Thoughts on reviving the Free Culture Foundation
I wrote this on the free culture discuss mailing list, in response to Erik’s proposal to revive the FCF.
Thank you for raising this Erik, there’s clearly and rightly a great deal of interest in this.
Over the past few years, I’ve been on-and-off-again enthusiastic about various free culture projects, and I wanted to reflect on them. I hope it helps, and I certainly want to be involved in whatever emerges from this discussion.
Probably my biggest contribution to the free culture movement is the Free and Open Works! wiki, which collects and catalogues hundreds of free cultural works.
I’ve been disappointed in the lack of reception the wiki has received. I really did try my best to make it intuitive and quick to add content, but basically none has been added by anyone other than myself. It’s also entirely free software, which people also gave as a reason why they didn’t contribute to its predecessor, the FOSsil Bank.
A catalogue of free and open content seemed like such a necessary and useful thing to me that when I realised it wasn’t of interest to others, I was demoralised.
I also felt a bit let down by some the other organisations in the movements, who didn’t respond to my inquiries and approaches and didn’t do anything to strengthen my signal.
These days I’ve been involved in an open source software project, Tuxemon, which I find more immediately rewarding.
Perfect the enemy of the good
One of the things I found challenging was deciding how pure to be. I thought a good compromise would be to have everything on Facebook and Twitter mirrored on FLOSS equivalents. However, I couldn’t find any automatic way to do that, and it is a pain to do it manually. As far as I can tell, the people who found it important to have non-proprietary alternatives didn’t actually use any of the non-proprietary alternatives I provided.
I don’t think we should ever compromise on our definition of what qualifies as free and open, but I think we should be prepared to compromise on basically everything else.
From the times in the past that I’ve thought about what the free culture movement could do, I arrived at the following:
- Protect people within the current legal system. EFF does this by fighting dubious copyright and patent claims.
- Reform the legal system by pushing for IP minimalism.
- Encourage the creation and use of free cultural works, by providing platforms for sales, coordinating the creation and sharing of these works, and informing people about their benefits
- Related projects, like net neutrality, free speech, privacy, etc.
A core of enthusiastic people could also act as a ginger group, providing much needed support and enthusiasm to projects from other organisations.
When I started out in the free and open movements, I knew nothing about software, programming, code, etc. I’m a little better now, but not by much. I get worried when suggested projects for a revived FCF are all software based - we’re immediately cutting out most of our potential audience, and cannibalising our neighbouring FSF at the same time!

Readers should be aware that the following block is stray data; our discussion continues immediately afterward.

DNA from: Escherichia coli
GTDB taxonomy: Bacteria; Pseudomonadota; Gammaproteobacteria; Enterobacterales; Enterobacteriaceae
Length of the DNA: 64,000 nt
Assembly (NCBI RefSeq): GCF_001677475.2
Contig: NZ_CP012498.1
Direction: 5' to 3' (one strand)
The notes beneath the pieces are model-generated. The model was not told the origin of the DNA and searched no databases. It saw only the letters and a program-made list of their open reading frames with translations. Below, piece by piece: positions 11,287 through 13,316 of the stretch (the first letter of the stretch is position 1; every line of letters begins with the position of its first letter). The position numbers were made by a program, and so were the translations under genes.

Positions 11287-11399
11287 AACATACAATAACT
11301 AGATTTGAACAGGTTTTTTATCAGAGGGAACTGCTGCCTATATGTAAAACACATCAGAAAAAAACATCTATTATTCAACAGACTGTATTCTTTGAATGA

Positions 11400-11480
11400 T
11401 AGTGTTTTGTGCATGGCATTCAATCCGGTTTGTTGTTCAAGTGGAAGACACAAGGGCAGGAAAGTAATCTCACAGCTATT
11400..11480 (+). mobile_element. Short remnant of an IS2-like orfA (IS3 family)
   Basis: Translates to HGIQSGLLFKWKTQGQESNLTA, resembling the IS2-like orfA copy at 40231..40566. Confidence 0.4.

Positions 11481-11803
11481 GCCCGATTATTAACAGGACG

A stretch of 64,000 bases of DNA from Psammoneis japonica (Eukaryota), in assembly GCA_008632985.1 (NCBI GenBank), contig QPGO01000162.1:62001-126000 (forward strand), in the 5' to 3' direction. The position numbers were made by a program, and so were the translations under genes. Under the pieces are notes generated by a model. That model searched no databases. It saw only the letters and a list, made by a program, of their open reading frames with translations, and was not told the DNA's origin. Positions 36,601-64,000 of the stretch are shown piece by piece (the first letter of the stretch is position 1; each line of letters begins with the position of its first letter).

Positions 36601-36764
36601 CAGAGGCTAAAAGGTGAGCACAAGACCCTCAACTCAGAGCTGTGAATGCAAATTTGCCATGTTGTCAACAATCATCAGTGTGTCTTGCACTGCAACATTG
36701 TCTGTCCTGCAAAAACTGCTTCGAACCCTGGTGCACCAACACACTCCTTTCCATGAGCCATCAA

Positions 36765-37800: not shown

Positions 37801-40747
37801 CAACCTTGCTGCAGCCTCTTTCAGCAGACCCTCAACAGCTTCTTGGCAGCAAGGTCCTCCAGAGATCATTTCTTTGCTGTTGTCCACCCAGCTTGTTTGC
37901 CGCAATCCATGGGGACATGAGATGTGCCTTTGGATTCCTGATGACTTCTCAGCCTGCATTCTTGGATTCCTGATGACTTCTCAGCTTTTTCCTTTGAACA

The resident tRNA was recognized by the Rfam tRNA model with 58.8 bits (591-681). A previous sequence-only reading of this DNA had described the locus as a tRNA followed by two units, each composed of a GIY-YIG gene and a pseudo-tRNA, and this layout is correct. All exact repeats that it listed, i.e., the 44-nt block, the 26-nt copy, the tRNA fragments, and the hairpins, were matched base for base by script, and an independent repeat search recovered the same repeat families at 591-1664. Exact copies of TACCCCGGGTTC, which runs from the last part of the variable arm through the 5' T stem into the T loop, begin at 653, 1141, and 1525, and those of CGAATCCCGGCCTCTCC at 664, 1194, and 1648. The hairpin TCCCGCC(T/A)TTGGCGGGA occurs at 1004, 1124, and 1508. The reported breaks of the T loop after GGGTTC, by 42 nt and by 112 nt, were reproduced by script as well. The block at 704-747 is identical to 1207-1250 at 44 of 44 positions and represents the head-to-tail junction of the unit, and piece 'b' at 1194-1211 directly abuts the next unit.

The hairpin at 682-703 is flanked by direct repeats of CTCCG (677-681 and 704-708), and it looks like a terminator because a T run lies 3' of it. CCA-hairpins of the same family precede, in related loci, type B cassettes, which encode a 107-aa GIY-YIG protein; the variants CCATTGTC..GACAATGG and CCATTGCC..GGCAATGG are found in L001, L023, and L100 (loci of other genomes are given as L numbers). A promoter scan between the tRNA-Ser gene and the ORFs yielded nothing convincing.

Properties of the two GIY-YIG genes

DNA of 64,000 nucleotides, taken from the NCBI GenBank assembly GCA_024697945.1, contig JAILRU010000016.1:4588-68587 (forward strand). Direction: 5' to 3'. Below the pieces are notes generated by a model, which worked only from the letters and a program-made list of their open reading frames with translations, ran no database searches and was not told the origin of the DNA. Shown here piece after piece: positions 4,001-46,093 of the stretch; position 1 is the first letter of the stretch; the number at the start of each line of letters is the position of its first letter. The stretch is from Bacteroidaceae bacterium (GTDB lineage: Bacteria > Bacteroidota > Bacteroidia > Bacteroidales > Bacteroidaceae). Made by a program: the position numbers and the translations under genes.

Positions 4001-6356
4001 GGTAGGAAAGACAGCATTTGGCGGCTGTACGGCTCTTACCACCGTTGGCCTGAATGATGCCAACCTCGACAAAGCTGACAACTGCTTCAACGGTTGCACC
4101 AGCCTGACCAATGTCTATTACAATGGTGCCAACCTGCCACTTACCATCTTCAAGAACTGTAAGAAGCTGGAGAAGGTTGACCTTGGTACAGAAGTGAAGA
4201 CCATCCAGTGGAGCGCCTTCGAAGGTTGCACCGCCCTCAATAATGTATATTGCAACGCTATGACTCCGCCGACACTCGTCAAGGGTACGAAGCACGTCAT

That’s not to fault Kyra’s suggestions, in particular I absolutely think that MediaGoblin needs some loving because there’s no open source Flickr/DeviantArt/YouTube killer out there at the moment. (I sometimes fantasise about a database of all works yet created, including details of who contributed to them and how they are connected to one another, and with excellent metadata).
But I think we should plan for multiple projects that don’t need programming as well.
One I’ve been thinking about recently is a project to create a catalogue of free and open licensed cartoon monsters. If you do some poking around the “fakemon” community (fake Pokemon), you’ll find literally tens of thousands of designs, many of them excellent, that have been placed on the net free of cost. Some, perhaps most, of these creators could get behind a “Freemon” project to create a collection of quality free and open monsters for use in games, fan fic, etc.
The same model could be used for catalogues of high quality art, sound effects, story prompts, random idea generators, etc.
Another idea I’ve toyed with for some time is “libraries”, which would be simple, targeted sites that would recommend quality free and open books, tabletop games, computer games, audiobooks, music, etc. Anyone could participate in putting these together, and they would not be complicated in design.
The final one is a “free culture fund”, that people could pay into monthly, and that would support a variety of high quality free and open projects. The people running the fund would do the coordination, the bargaining and the evaluation, and distribute what had been funded to everyone who’d paid into the fund (and, later, it would be put for free online as well).
As well as long-term projects, I’ve had ideas for short-term campaigns that I thought I might as well put here:
- I’m a Pirate! People would upload a photo of themselves holding a sign saying what they pirated and why. To humanise unauthorised copiers, to demonstrate the absurdity of the copyright system, and to embolden pirates. You could also publish examples of where famous people have admitted to copyright infringement.
- Go Free for Me. Get fans to write to creators they support and admire, asking them to put a work under a free and open licence.
Anyway, sorry that that is a bit of an information and emotion dump. I guess in short: I’m excited and I think this is important, but there are a lot of pitfalls to consider.